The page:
Office space is a significant and growing cost for many organizations. On average, high-rise office space costs $43.79 per square foot per year, but many cities have far more costly space. San Francisco recently surpassed New York for the title of most expensive city, with office space costing $72.26 per square foot in the last quarter of 2015. In New York, office space costs $71.85 per square foot. Notably, the costs are increasing every year. San Francisco’s rent increased 14 percent from 2014 to 2015 and New York’s rent increased by 7 percent. Many organizations want prime real estate space to attract talent, retain staff, and provide collaborative and creative spaces to drive innovation. But while costs for space continue to rise, organizations are looking for ways to invest in great offices while reducing the overhead costs.
Leading organizations are using sensors and data to better track and optimize their utilization of space. The key is to avoid detracting from the overall function and appeal of the space as it shrinks in size. To do this, data plays a significant role in identifying underutilized spaces. According to CBRE, about 40 percent of office space is empty in the US, with a global average of 41 percent. This leaves room for improvement, but, without real data about how a given office is used, it can be difficult to identify the specific spaces that are unoccupied or those that could be repurposed. For example, employees may be away from their desks having discussions in a conference room, traveling to offsite meetings, or working from home. Data is necessary to understand how many spaces are unoccupied for a whole day and those which are just unoccupied for an hour. Additionally, many trends indicate that space will be used even less consistently in the future. For example, a poll even 5 years ago noted that 1 in 5 workers telecommute and 10 percent work remotely every day.
There is an opportunity for real-time occupancy data to help utilize space more efficiently. Indoor, always-on sensors are the foundation of space utilization. There are many different ways to collect interior space data, a topic that we will cover in a future post discussing. However, the real value lies in using these data for a variety of positive outcomes. Here are some of the most compelling:
Better use of the space. A significant amount of office space is not used regularly or is underutilized. Better sensory data on how indoor spaces are being used is the first step to making improvements. Conference rooms are a good example. The CBRE space utilization report noted above also notes that while over 35 percent of meetings have only 2 participants, less than 5 percent of conference rooms are configured for two people. CBRE observers noted that 2 and 3 person meetings made up 59 percent of all meetings. At the same time, about 15 percent of conference rooms are configured for 6 people, and the same amount for 8 people. But, 6 and 8 person meetings make up less than 10 percent of all meetings. Some of these larger conference rooms could be subdivided into multiple small meeting rooms to satisfy more demand for conference rooms. However, better data is necessary to better understand which rooms can be modified. And ongoing, real-time data will simplify the management of these rooms. The utilization rates of office desks, especially hot desks and hotel offices, also can increase with better indoor occupancy data. Changing an employee-desk ratio from 1-to-1 to 2- or 3-to-1 will have significant benefits on overall facility management costs.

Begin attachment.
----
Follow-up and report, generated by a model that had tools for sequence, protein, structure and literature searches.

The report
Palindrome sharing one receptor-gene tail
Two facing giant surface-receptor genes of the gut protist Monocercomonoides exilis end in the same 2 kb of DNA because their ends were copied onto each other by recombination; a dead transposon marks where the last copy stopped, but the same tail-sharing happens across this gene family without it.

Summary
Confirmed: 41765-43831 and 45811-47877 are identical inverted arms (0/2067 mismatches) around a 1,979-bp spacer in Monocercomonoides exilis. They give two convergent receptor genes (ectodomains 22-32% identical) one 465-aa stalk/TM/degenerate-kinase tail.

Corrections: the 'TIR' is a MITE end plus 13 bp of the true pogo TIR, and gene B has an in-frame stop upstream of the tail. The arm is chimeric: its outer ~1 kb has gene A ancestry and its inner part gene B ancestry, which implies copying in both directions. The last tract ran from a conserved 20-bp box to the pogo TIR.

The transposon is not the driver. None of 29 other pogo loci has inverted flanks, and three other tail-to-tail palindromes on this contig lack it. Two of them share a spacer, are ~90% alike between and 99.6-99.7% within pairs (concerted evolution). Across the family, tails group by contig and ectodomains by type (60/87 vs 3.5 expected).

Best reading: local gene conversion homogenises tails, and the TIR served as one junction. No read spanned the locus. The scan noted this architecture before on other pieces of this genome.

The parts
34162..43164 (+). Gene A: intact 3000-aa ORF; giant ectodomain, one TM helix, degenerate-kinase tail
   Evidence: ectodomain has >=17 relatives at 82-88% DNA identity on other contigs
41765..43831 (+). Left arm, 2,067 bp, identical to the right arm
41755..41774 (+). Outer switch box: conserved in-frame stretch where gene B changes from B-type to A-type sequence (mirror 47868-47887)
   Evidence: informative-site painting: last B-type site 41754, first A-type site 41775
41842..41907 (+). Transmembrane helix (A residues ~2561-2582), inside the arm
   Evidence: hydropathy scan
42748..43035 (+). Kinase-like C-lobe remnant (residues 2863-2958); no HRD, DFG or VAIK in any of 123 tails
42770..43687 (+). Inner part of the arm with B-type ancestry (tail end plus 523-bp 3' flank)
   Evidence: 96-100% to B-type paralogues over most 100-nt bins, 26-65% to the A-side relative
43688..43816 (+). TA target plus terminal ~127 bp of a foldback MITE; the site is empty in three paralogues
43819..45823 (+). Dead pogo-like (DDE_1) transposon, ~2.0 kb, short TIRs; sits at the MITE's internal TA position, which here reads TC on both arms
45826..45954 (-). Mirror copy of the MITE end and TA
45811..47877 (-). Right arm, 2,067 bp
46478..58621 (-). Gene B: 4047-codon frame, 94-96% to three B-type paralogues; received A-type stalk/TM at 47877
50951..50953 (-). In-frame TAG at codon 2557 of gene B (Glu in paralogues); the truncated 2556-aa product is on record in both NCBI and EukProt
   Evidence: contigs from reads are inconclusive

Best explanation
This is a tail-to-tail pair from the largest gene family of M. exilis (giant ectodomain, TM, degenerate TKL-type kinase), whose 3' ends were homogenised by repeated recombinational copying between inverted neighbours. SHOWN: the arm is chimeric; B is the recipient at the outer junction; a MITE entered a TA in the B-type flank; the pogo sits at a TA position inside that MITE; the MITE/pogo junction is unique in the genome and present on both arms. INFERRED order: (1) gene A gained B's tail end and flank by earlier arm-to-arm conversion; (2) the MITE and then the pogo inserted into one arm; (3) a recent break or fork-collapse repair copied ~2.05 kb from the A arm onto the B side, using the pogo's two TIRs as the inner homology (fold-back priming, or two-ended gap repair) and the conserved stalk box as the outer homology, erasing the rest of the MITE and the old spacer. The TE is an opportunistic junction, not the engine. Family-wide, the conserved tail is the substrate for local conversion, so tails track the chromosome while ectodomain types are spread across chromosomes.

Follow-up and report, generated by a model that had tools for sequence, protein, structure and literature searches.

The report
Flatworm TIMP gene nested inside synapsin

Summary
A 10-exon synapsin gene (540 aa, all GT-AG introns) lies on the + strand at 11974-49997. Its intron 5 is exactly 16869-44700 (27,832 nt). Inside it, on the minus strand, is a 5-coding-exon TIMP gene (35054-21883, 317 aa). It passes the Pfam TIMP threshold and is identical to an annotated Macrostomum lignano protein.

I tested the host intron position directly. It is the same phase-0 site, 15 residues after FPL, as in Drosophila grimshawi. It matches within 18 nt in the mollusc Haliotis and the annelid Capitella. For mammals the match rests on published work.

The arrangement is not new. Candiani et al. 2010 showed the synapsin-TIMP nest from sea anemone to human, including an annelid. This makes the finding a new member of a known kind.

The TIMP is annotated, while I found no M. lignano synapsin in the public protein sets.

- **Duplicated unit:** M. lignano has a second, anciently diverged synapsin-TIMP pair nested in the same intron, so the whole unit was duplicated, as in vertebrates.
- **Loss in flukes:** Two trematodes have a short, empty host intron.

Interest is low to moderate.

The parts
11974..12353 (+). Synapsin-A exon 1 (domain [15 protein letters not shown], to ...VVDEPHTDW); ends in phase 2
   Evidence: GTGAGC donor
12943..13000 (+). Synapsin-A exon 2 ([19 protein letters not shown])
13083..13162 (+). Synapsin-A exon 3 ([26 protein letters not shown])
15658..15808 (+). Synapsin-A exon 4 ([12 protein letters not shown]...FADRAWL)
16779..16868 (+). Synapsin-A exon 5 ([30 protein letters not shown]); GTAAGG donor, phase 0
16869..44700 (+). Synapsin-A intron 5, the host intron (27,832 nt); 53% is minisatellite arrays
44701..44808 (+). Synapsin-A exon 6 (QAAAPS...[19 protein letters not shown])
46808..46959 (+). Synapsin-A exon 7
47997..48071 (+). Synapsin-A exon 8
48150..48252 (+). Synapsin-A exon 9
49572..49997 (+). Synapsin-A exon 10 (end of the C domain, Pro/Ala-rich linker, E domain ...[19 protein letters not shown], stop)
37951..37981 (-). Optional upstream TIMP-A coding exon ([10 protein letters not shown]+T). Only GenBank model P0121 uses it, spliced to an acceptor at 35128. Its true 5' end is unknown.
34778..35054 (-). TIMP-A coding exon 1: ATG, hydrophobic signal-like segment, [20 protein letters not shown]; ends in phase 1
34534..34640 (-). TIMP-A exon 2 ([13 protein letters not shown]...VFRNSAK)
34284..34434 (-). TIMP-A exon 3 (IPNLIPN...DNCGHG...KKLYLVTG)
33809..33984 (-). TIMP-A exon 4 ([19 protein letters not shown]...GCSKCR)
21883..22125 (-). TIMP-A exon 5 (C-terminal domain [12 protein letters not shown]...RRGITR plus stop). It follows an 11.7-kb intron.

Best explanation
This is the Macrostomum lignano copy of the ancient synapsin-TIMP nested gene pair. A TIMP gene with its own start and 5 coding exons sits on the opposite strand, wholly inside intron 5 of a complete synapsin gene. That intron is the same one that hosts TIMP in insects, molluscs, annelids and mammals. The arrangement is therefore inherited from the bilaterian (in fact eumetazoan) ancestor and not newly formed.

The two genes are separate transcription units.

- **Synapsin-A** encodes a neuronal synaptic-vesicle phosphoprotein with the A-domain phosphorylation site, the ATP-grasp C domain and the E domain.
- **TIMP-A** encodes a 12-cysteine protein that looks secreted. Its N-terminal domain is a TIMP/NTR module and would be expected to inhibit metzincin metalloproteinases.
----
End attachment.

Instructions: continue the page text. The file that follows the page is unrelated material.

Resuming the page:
Personalized space. In addition to getting more use of space, we’re starting to see property owners invest in personalization. For example, hotel chains are deploying personalized guest rooms that can be modified to satisfy an individual’s preferences. For example, based on a customer’s profile, the room can change light levels and music automatically. This creates a more personalized experience. The value of the space is perceived to be greater. And, while not directly mentioned, occupants may be more willing to spend a night in a smaller room with a variety of personalization capabilities. This reduces operating costs for the hotel operator. The same technology can be applied to offices and may first be deployed in co-working spaces and among hot desks.
More efficient facility management operations. Significant costs of real estate space are due to operations and maintenance. Better data on how a space is used may lead to overall reductions in square footage, but they also may enable more efficient operations. For example, with detailed data on how many occupants were in a given space, condition-based maintenance can be performed, instead of schedule-based. For example, instead of having janitorial service every day, utilization data may indicate when these services can be skipped for a day. Similarly, detailed occupancy data also enables the HVAC system to be optimized, which will be discussed in a future post.
Indoor sensors are a key enabling technology for offices. They can help reduce office space, saving significant costs. But, the technology also improves occupants’ perceived value of the space. There are some new buildings that combine indoor sensors with valuable outcomes for occupants, For example, Deliotte’s Edge building in Amsterdam, cited as a leading green building, has been able to reduce square footage per employee by 50 percent using a variety of sensor and data-driven technologies. In many cases, Deloitte promotes the other benefits of this space, too: happier, healthier and more productive workers.